If you’re looking for a show-stopping brunch treat, try this paleo banana bread with pecans and dates! It’s finished with a decadent caramel glaze that makes this loaf feel like much more than your basic banana bread.
When I told you I had something special planned for that caramel sauce from last week, this is what I had in mind. I assume that I did not disappoint?
Now I’ve been told that there are people out there who actually enjoy caramel more than chocolate or, even more unbelievably to me, love caramel and don’t like chocolate. GASP. This, for reasons that should be pretty self explanatory by now, seems fairly implausible to me, but in my never ending quest to achieve dessert empathy, I’ll assume that perhaps there are those out there who love caramel as much as I love chocolate.
And for those of you with the I <3 Caramel t-shirts and bumper stickers, this one is for you.
I mean do you see the volume of caramel-y goodness dripping off of this pecan date banana bread? Even I will admit (somebody earmuff chocolate) that I couldn’t stop at just one piece of this banana bread.
Have you made the original? This is an adaptation of the classic recipe, with a deeper and, well, caramel-ier flavor profile. Plus, the sauce. This is the exact same caramel sauce that I posted last week, so if you have already made it (and managed to not finish it already), you’re in luck.
The trick to getting the drizzle just right is to pour it on to the bread when the bread is fully cooled and the sauce is just warm enough to be pourable, but still very thick. If it’s hot off the stove, the consistency will be much too watery and the sauce will just cascade right off the bread. It’s a great excuse to mop up the leftovers with your finger, but you’ll miss out on the thick layer of caramel in every bite of banana bread.
And believe me: you definitely want that caramel glaze.
If you're looking for a show-stopping brunch treat, try this paleo banana bread with pecans and dates! It's finished with a decadent caramel glaze that makes this loaf feel like much more than your basic banana bread.
- 3/4 cup blanched almond flour
- 3/4 cup coconut flour
- 6 Tablespoons tapioca flour
- 1/4 cup granulated monk fruit sweetener
- 1 Tablespoon + 1 teaspoon cinnamon (or to taste)
- 1 1/2 teaspoons baking soda
- 1/4 teaspoon fine sea salt
- 3 large eggs
- 3 Tablespoons unsweetened almond milk, or milk of choice
- 1/2 cup oil (see note)
- 1 1/2 teaspoons vanilla extract
- 1 teaspoon apple cider vinegar
- 1 1/2 cups mashed overripe banana (about 3-4 large bananas)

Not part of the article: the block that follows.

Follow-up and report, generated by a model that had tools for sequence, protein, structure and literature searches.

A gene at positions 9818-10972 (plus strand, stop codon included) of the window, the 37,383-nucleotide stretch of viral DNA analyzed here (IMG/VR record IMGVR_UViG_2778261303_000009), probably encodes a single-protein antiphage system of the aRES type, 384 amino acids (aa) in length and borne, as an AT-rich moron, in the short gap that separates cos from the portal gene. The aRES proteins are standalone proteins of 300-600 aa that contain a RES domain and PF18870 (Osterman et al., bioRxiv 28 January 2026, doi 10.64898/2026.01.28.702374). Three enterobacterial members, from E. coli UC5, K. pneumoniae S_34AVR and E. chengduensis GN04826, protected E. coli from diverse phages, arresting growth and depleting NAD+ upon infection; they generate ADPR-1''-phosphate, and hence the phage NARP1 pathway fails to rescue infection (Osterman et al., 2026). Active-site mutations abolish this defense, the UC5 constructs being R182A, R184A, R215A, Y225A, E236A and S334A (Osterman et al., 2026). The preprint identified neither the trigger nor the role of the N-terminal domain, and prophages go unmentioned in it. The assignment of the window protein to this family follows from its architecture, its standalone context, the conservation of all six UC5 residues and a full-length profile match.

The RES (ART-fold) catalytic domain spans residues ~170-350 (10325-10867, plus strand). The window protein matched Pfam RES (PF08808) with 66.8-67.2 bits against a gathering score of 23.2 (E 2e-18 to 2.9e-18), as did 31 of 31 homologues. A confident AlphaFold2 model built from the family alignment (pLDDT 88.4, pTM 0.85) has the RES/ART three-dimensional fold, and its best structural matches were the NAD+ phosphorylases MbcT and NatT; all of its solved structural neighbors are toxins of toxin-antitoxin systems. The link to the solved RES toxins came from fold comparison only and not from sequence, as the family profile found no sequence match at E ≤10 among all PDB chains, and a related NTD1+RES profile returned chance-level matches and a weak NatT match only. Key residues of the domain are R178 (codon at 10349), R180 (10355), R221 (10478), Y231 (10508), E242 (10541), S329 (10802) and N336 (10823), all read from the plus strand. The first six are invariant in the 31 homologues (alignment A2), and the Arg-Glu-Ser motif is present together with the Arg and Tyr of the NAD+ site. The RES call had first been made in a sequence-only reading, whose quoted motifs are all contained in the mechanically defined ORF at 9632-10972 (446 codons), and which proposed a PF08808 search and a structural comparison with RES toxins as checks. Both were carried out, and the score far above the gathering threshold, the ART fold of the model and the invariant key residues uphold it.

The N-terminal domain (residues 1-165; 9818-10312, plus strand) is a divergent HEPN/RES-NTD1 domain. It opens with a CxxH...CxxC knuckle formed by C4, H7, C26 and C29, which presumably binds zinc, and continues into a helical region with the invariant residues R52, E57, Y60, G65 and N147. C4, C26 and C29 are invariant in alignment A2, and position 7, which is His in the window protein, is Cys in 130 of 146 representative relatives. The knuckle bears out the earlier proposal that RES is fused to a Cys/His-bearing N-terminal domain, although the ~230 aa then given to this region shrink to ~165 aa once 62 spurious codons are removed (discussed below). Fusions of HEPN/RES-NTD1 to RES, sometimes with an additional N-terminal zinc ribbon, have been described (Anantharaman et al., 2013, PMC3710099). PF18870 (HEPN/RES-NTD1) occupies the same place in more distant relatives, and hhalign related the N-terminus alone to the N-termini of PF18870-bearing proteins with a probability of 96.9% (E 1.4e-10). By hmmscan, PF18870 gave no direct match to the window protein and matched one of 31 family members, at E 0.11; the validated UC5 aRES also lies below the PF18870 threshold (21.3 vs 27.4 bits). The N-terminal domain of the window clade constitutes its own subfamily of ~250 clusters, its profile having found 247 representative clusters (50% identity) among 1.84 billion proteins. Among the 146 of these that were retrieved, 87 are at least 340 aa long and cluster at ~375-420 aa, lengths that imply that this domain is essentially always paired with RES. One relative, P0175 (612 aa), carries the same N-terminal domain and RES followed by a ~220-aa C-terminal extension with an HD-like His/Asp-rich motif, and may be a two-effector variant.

- 10-12 whole pitted medjool dates, chopped
- 1/2 cup chopped pecans, plus more for garnish (another approx. 1/3 cup)
- 1 batch paleo caramel sauce (see note)
Preheat the oven to 350°F. Lightly grease or spray an 8.5" loaf pan and set aside.
In a large mixing bowl, whisk together the dry ingredients (almond flour through salt). Set aside.
In another large mixing bowl, whisk the eggs, then stir in the milk, oil, vanilla and vinegar.
Once all of those ingredients are incorporated, stir in the mashed banana.
Pour the wet (egg, oil, banana) mixture into the dry and stir to combine.
Fold in the chopped dates and pecans.
Pour the batter into the prepared baking pan and bake for 60-70 minutes until a tester inserted into the center comes out clean.
Check around the 30-40 minute mark and if the loaf is browning too fast, cover it loosely with a piece of tinfoil for the remainder of cooking.
While the bread is baking, make your caramel according to these instructions. Cool it in the pot until it is safe to transfer to a heatproof container, then refrigerate it to cool it down for glazing.
Allow the loaf to cool in the pan for 20-30 minutes, then turn it out on to a rack to cool completely.
Once it has cooled to room temperature (or been chilled - see note), it's time to glaze it.
The caramel should be chilled so that it is just warm enough to stir, but not too liquid. If it's too runny, cool it for another 30-60 minutes; too solid, microwave it in 10 second increments just until it is liquid enough to stir. It should be very thick.
Pour the caramel in portions (about 2 Tablespoons each) over the bread, letting the last layer set slightly before applying the next one, until the bread is covered.
Sprinkle the chopped pecans over the caramel. Place the bread on the counter or in the refrigerator until the glaze is set, then serve.
- Use an oil that is liquid at room temperature, such as grapeseed or organic canola oil. You may also use light olive oil if you don't mind (or notice) a very slight olive oil taste.
- If you prefer to make muffins, bake for about 20-25 minutes until a tester comes out clean.
- Click here to get the recipe for the caramel sauce.
- If you have time, refrigerate the loaf (once it has cooled, packed in an airtight container) for a few hours or overnight before glazing. The cooler temperature of the loaf will set the glaze more quickly and prevent it from dripping off of the loaf.
- You'll probably want to chop the pecans more finely for the topping than you will for inside the bread.
- Once completely cooled, store leftovers in an airtight container (or wrapped tightly) at room temperature for up to three days or in the freezer for up to three months.
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